A surprising element of TIFF’s 43rd year was the refreshing number of female directors represented in the programming, quickly discerned by glancing through the catalogue. Not surprising, however, was the strong presence of Iranian cinema. In particular, the realistic portrayal of women emerged as a trend, with films like Kiarostami’s “10” and “I’m Taraneh, 15” which dealt with female protagonists and issues such as divorce, prostitution, and teenage pregnancy. Such subject matter, of course, still ignites massive censorship controversy. (“[Iranian censors] are asking me to cut about 40 percent of the film. Perhaps I should rename the film from ’10’ to ‘6,’ joked Kiarostami during a press conference.) A riveting discussion of women in Iranian cinema, including jury member and actress Niki Karimi as well as actresses Mania Akbari (“10”) and Tanareh Alisdousti (“I’m Tanareh, 15”) followed on Saturday. In a related note, a New Horizons sidebar featured a retrospective of Iranian-born American artist Shirin Neshat. Neshat’s lush imagistic video, photography, and film work, mostly exhibited Stateside in museums, explores the role of women in Islam. “Glimpses of Iran,” a photo exhibit presented in conjunction with the Tehran Museum of Contemporary Art, offered festival goers dynamic visual insight into Iranian culture, including documentary and photojournalistic coverage of the 1979 Islamic Revolution and the war with Iraq and abstract works, among them a triptych of barren trees in a snowy landscape by Kiarostami.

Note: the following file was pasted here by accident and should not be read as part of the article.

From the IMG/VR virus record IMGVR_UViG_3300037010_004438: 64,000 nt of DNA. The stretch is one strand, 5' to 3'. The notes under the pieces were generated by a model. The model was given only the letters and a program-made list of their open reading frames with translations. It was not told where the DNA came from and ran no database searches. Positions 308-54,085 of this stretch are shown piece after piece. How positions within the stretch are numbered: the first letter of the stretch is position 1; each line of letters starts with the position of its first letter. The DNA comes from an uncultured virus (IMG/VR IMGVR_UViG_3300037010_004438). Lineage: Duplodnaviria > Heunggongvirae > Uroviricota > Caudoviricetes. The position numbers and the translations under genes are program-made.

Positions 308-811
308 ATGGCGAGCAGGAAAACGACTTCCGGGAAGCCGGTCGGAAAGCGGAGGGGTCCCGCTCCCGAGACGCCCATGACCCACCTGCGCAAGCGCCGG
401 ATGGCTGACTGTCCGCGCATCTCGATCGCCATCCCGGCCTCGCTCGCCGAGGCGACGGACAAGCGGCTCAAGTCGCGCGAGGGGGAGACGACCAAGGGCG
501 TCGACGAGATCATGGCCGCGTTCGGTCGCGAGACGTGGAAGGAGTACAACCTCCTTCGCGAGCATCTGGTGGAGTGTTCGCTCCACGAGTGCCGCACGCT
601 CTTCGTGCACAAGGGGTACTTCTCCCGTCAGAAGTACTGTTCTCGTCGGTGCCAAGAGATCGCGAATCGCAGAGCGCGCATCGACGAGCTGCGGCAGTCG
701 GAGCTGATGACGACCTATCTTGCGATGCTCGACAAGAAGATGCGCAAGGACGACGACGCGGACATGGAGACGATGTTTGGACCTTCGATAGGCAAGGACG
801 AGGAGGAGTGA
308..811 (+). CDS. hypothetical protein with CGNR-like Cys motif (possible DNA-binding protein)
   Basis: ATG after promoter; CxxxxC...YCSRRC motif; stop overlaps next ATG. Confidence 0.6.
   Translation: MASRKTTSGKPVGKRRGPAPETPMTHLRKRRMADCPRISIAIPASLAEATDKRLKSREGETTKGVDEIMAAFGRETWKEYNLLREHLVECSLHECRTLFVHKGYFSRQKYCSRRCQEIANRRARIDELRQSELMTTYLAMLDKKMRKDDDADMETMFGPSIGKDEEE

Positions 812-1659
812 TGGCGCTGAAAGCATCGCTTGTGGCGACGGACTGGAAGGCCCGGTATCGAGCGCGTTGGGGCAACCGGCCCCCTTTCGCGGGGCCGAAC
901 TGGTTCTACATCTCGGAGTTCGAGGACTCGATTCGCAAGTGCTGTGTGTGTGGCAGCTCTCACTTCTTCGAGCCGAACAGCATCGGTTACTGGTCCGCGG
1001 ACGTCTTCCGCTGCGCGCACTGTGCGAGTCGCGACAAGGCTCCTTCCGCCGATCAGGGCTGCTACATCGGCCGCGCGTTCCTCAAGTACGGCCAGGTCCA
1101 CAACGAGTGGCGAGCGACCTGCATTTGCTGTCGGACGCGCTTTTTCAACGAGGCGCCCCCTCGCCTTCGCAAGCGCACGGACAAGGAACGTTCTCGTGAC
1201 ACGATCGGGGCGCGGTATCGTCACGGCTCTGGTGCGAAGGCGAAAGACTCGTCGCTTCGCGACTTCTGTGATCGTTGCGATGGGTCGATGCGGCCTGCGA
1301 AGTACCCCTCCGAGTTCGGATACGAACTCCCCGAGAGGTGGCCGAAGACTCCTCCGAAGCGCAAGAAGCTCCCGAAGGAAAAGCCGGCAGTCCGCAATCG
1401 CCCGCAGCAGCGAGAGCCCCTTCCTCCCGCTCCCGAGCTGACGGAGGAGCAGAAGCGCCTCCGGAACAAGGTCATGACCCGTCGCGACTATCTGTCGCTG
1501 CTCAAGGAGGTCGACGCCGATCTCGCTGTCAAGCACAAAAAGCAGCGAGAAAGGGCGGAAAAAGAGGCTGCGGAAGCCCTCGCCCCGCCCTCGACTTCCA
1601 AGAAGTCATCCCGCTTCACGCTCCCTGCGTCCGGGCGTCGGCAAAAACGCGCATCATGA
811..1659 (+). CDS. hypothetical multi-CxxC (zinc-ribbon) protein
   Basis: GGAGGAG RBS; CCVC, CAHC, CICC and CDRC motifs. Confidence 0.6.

On the more experimental side, Thessaloniki inaugurated its festival-within-the-festival called “e-magic,” which presented new media from artists like Jason Wishnow (newvenue.com), Lev Manovich, and Joe Davis that is created for and distributed on the Internet. The online festival will become competitive next year. In addition, for those urban wanderers seeking respite at 2 a.m., the Olympion Theater (in Aristotelous Square) hosted nightly screenings of avant-garde shorts called “Orgasmic Cinema.” (And who wouldn’t want to come?) Outside the theaters, TIFF offered an exhausting range of parties and trips, including an excursion to the archaelogical site of Vergina and a show featuring Finnish minimalist electronica stars Pan Sonic. The major cultural event not to be missed though, is the late-night New Horizons fete held at Mylos, a former mill turned multi-level nightclub. Up-and-coming actors from the European promotional program “Shooting Stars” danced despite the lack of any official dance floor and an 11:00 a.m. call time for a photo shoot the next morning. Some journalists even opted to go directly from the party to the airport